Indian budget hotel chain start-up Oyo, valued at $10 billion in its latest fundraising round, has faced a number of gripping headlines, including multiple reports of hotel owners in India and China not getting adequate compensation from the company.
In an exclusive interview with CNBC's Seema Mody on "Squawk Alley" on Tuesday, Oyo's CEO and founder, Ritesh Agarwal, dismissed those complaints and instead touted Oyo's business model.
"One of the things that's consistent, if you speak to hotel owners or customers across the world, is that the proposition of Oyo is very valuable for each one of them. Everybody understands that having a large number of independent hotels improve in terms of infrastructure, provide good technology and increase the occupancy is very valuable," said Agarwal.
The rise and fall of SoftBank-backed WeWork has thrust Oyo, also backed by SoftBank's $100 billion-dollar Vision Fund, into the spotlight. While SoftBank has a nearly 46% stake in Oyo, the Indian entrepreneur downplayed its control of the company, pointing to his efforts to diversify the company's board.
"Oyo is a board-run company. ... Softbank, of course, has a representation on the board. But beyond that we have independent board members like Betsy Atkins who drives a large part of the decision-making." Oyo announced in late November the hiring of Atkins, CEO and founder of Baja Corporation, as an independent director to its board.
Oyo has been expanding aggressively into new markets with 43,000 hotels worldwide. With Agarwal's relentless focus on expansion, Oyo's consolidated losses widened in fiscal 2019 to $335 million from $52 million.
As costs rise, Oyo has announced a number of layoffs, from China and India to the U.S., where it has cut one-third of its workforce.
Agarwal addressed the layoffs, saying, "At the end of every year our management regroups and thinks about things we did right and what we could improve. We as leadership acknowledged these restructuring efforts, early part of this year. There are three important perspectives behind this: Make sure we focus on locations and cities that are more profitable, we focus on making sure we reduce the duplication of efforts across countries, and third and most important we make sure that consistently we use technology to be able to be able to serve our customers."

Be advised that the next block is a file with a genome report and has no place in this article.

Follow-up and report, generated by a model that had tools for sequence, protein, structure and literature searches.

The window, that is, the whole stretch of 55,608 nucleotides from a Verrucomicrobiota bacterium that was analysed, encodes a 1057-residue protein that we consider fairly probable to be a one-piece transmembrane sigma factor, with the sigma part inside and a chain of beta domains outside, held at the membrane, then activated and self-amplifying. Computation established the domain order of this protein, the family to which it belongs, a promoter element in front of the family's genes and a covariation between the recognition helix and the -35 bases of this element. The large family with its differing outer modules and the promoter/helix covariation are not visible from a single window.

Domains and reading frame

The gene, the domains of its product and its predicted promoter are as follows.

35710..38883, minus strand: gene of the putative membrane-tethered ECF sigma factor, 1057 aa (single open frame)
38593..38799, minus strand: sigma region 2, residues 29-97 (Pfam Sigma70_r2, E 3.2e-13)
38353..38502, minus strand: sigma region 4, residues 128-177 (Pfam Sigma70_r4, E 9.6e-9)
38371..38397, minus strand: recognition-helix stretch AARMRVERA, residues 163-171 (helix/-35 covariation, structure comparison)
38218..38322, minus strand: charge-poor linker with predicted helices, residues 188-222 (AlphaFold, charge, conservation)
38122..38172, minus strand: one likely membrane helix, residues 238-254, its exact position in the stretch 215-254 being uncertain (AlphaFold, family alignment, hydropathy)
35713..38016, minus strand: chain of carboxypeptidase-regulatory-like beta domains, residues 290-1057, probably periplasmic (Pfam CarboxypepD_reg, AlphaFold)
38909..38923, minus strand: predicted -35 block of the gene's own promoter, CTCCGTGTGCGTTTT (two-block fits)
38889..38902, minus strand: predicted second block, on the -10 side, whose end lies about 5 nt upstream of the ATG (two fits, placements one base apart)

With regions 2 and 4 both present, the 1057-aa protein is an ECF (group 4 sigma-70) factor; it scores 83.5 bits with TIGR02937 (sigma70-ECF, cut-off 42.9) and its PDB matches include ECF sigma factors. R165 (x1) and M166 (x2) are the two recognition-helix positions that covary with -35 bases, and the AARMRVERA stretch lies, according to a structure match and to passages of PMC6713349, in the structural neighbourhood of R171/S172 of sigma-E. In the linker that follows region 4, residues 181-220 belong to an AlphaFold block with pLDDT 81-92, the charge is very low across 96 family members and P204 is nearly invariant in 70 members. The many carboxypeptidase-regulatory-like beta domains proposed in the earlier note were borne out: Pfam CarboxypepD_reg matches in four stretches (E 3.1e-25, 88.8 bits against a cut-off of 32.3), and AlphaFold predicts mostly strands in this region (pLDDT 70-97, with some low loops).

Agarwal added that after the restructuring efforts, Oyo still has more than 25,000 employees across the world.
Still, the company says it is keeping its path to profitability in mind.
"It's important for me to acknowledge there is very strong feedback that high-growth companies have gotten worldwide regardless of who their shareholders are ... that profitability is the direction that people want to see," he said. Oyo currently has $1 billion on its balance sheet.
After India, China is Oyo's second-biggest market, with 9,000 hotels across the mainland. Marriott and Hilton both warned this earnings season that hotel occupancies in China are down significantly due to the coronavirus.
Oyo, like its peers, has seen a drop in occupancy, however, it is trying to keep select locations open at reduced prices in the provinces most affected by the virus to support visiting doctors and people who've been stranded by travel restrictions, said the founder.
"We're trying to keep as many of our hotels open as possible, including in Wuhan and in Hubei," said Agarwal.
The virus adds to Oyo's challenges on the ground in China. In Oyo's 2019 annual report, the company's financials show that China contributed roughly 75% of its losses in fiscal 2019.
Founded in 2013 by Agarwal when he was 19, Oyo has since become what the company says is the second-largest hotel chain in the world.
Experts say time will tell whether Agarwal can improve the company's financials and prove to investors that its model works.
— CNBC's Hannah Miller contributed to this report.